Aquifer Guardians in Urban Areas (AGUA), a San Antonio-based group interested in the protection of the Edwards Aquifer and the land that feeds it, has recently filed a lawsuit charging that the U.S. Army Corps of Engineers and the U.S. Fish and Wildlife Service have violated the Endangered Species Act by permitting the construction of an electric transmission line through Golden-cheeked Warbler habitat in northwest Bexar County. Golden-cheeked Warblers are an endangered bird that nests exclusively in central Texas.
From the AGUA website:
In particular, the suit claims that the biological opinion prepared by the Service did not follow federal rules and that the cumulative loss of Golden-cheeked warbler habitat has not been fully and fairly considered. The suit asks that the permit decision be set aside and that a plan be developed and implemented to set aside enough acreage to protect the warbler.
AGUA also reports that "Much of the local habitat has already been eliminated due to suburban developments, especially in the area from Austin to San Antonio." Living in this area, the truth of this is self-evident to me, as I see more and more sections of Hill Country terrain bulldozed and scraped to bedrock every week. It is extremely painful to watch — the slow-motion death of the land we have come to love.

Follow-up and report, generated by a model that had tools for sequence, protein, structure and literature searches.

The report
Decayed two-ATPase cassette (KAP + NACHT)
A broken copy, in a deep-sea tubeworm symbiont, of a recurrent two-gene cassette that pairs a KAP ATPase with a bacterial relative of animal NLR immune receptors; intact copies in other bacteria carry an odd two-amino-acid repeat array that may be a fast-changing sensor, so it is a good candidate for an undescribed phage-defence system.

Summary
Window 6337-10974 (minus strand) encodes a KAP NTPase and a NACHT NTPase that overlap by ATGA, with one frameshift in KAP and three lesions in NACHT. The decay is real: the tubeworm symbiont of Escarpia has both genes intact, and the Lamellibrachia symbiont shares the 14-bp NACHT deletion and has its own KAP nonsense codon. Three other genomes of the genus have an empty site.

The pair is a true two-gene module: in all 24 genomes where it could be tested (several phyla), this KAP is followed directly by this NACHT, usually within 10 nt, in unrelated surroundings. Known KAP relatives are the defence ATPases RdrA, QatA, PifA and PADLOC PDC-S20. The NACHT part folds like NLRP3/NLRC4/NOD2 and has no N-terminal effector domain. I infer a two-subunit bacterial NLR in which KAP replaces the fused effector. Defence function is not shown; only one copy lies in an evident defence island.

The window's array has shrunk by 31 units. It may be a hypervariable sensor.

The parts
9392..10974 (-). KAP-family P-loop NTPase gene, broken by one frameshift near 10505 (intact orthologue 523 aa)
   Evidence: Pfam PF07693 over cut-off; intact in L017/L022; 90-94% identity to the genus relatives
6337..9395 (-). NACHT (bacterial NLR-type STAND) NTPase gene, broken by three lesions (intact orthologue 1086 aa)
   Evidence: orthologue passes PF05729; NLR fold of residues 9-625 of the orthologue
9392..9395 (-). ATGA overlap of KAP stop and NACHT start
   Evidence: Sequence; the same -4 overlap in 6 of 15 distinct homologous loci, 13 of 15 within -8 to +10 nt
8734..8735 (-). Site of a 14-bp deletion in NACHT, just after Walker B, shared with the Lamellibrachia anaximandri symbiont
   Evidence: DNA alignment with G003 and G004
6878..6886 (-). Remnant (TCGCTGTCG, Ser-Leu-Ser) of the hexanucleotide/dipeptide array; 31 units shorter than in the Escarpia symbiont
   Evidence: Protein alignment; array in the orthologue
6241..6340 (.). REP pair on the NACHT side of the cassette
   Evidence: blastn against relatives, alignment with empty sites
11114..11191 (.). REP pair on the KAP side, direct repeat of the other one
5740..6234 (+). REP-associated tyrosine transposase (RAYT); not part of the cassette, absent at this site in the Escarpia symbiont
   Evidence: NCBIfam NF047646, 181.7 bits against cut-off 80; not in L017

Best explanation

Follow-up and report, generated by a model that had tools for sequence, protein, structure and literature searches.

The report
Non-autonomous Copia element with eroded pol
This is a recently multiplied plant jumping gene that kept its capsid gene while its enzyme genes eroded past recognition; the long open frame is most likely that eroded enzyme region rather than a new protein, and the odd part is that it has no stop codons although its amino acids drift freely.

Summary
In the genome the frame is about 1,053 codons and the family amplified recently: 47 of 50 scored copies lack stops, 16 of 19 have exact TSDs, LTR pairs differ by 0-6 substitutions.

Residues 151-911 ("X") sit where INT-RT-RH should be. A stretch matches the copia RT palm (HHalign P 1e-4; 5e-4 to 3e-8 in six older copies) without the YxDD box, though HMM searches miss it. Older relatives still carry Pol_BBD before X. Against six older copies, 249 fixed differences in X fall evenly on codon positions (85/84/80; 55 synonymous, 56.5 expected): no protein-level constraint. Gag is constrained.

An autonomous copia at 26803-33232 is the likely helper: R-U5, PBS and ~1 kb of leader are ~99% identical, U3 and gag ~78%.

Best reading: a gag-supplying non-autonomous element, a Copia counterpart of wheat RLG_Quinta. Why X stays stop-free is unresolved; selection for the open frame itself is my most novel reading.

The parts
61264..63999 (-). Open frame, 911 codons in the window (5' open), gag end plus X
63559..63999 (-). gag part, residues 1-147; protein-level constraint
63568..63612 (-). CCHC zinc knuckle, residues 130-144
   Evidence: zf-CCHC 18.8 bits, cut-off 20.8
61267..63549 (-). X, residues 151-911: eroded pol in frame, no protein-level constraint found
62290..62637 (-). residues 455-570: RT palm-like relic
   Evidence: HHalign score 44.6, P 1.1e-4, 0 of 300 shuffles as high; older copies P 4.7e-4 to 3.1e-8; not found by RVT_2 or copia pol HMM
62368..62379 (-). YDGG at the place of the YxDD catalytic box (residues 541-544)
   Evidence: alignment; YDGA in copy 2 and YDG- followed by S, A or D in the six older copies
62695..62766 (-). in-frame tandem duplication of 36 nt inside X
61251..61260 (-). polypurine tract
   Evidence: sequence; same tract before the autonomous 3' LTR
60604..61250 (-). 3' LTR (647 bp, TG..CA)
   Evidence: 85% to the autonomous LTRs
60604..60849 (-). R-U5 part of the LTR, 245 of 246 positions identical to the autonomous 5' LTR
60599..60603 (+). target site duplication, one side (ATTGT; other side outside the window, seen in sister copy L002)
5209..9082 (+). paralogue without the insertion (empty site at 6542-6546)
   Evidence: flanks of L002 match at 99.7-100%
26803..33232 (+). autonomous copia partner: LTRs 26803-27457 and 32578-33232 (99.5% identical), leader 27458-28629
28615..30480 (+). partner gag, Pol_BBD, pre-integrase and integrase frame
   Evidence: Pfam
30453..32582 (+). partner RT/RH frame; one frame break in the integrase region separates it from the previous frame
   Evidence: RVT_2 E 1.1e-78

This destruction of land is likely to bring with it the degradation of the principle water source for this entire area, the Edwards Aquifer, as the runoff from this land is what feeds the aquifer. This is the reason that a group like AGUA is concerned with habitat for an endangered bird. AGUA President Enrique Valdivia was quoted in the Express-News last week: "We believe that the warbler is an indicator of the health of the environment and the Edwards Aquifer. Our focus is really to protect the Edwards Aquifer."